26 Mar

Increases in youth detention will see discrimination continue against those with a brain injury

Youth in detention

Last month marked the start of construction of a new 80-bed youth detention centre at Woodford, this is part of the Queensland Government’s attempt to be ‘tough on crime.’ This is just one of the three new youth detention centres the Queensland Government is building across the state. Construction of a 40-bed facility near Cairns and a 50-bed facility at Wacol are also being progressed.

Synapse believes the building of these detention centres for youth is uninformed and will see a harsher cost to the lives of many children and communities across the state, including those who have Fetal Alcohol Spectrum Disorder (FASD), brain injury, or other cognitive impairments.

Little to no consultation was conducted by the Queensland Government to engage with organisations that work to support youth exiting the justice system. It’s also clear the Government isn’t consulting with Indigenous young people or those impacted by brain injury, whom our system continually discriminates against and criminalise.

Fearmongering to take the blame off these systems

The building of these detention centres and their stance of being ‘tough on crime’ is blatant fearmongering to convince the public that the problem is troubled youth, instead of the systems that create and perpetuate the vulnerabilities people are experiencing.

Too frequently, Synapse sees young people with brain injury failed by the school system and the out-of-home care system – with many finding themselves in the youth justice system. These systems continue to exclude and isolate them and amplify vulnerabilities.

Many systems have no screening to see if these young people are impacted by brain injury or a cognitive disability. On top of this, there’s little to no support for youth once they reintegrate back into society to encourage positive outcomes and limit their likelihood of ending up back in youth detention.

The impact of detention on youth with a brain injury

Currently, there are disproportionate numbers of people living with brain injuries in prisons. People with disabilities, particularly cognitive or psychosocial disability, are overrepresented in the criminal justice system in Australia— making up about 50 per cent of people entering prison*. This shows there is a need at all levels of the criminal justice system to understand brain injury.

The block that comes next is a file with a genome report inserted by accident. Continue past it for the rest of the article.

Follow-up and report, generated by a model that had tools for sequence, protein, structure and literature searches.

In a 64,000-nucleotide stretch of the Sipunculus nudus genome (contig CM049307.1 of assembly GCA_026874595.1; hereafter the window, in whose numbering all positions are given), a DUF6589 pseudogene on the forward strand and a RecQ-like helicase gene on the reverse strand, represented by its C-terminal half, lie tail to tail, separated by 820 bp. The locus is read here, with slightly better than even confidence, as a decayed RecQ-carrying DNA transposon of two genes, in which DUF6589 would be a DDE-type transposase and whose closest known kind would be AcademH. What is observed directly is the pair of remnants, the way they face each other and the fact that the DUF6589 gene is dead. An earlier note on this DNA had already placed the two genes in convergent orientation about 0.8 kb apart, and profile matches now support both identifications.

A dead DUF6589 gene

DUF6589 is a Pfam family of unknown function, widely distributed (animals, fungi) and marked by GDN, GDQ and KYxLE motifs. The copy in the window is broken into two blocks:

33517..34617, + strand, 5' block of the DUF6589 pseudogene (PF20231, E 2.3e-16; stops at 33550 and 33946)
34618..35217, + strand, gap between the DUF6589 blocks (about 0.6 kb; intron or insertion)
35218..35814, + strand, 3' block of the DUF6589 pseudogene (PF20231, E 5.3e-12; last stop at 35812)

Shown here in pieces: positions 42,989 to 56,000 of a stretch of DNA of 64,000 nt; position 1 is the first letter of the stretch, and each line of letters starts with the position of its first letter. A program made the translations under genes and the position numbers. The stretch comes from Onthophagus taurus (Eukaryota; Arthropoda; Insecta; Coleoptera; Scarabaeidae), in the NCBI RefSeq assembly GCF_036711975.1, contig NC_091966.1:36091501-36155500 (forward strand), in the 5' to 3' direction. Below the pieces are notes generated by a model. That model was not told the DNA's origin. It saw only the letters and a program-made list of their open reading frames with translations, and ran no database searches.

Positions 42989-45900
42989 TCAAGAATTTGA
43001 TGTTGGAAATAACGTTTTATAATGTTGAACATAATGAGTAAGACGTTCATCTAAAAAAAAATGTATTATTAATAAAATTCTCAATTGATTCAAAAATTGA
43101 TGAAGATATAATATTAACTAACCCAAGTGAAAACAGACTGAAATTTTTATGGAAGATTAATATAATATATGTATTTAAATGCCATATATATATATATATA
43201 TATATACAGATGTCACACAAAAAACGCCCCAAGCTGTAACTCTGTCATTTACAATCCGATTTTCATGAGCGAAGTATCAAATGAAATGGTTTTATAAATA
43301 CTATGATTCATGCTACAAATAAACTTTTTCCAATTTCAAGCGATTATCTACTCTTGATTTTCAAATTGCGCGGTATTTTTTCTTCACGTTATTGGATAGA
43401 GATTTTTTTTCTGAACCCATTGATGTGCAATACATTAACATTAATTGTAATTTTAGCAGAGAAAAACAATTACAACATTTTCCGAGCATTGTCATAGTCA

When you have a brain injury you may struggle with impulsivity, increased aggression or anger, poor self-monitoring, lack of inhibition, impulsivity or social cues, and memory loss – which can often be misinterpreted by police and lead to imprisonment. Youth justice is exacerbated by a lack of understanding and, of the skills required to support the complex needs of young people, especially those with histories of trauma, neglect, and brain injury*. This leads to discrimination and high numbers of people living with brain injury entering Australia’s prisons and justice systems.

The minimum age of criminal responsibility in Queensland is currently 10 years old. Many advocates (including Synapse) believe this age should be increased to 14 years to align with the United Nations Committee on Rights of the Child as a child’s prefrontal cortex under 14 years old is still developing. This means they have an incomplete capacity to plan, foresee consequences, or control their impulses.

How youth with a brain injury need to be supported

Synapse is focused on working to break the cycle of vulnerability which can start in childhood. Working with individuals, researchers, communities, government departments and correctional services we aim to change the way people living with a brain injury are treated and end the discrimination experienced through various systems.

Australian State and Territory governments need to ask themselves why they need to build so many detention centres instead of looking at possible alternatives in communities. If these governments shift focus to supporting young people with brain injuries or undiagnosed brain injuries, this will ensure less youth are stuck in a reoffending cycle throughout their lives.

If a young person does offend, it is important to screen for a brain injury upon entry to youth detention to help avoid the likelihood of reoffending. If a child or young person is already in youth detention, they need to be supported to access employment, housing, and health care and to create positive connections to the community upon release.

It is only by understanding why people living with brain injury are overrepresented in both the youth and adult prisons that society begins to transform, working to decrease rates of crime and elevating the want to build so many correctional facilities.


  • Human Rights Watch. (2018). “I Needed Help, Instead I Was Punished” Abuse and neglect of prisoners with disabilities in Australia. Retrieved from: https://www.hrw.org/report/2018/02/06/i-needed-help-instead-i-was-punished/abuse-and-neglect-prisoners-disabilities
  • NSW Health and NSW Juvenile Justice (2016). 2015 Young People in Custody Health Survey: Key Findings for all Young People, Sydney: NSW Health and Juvenile Justice.
  • Lansdell, G., Saunders, B., and Eriksson, A. (2022). Young people with acquired brain injury: Preventing entrenchment in the criminal justice system, Report to the Criminology Research Advisory Council Grant: CRG 09/18–19, June. Available at: aic.gov.au/sites/default/files/2022-06/crg_young_people_with_acquired_brain_injury_v4_-_250522.pdf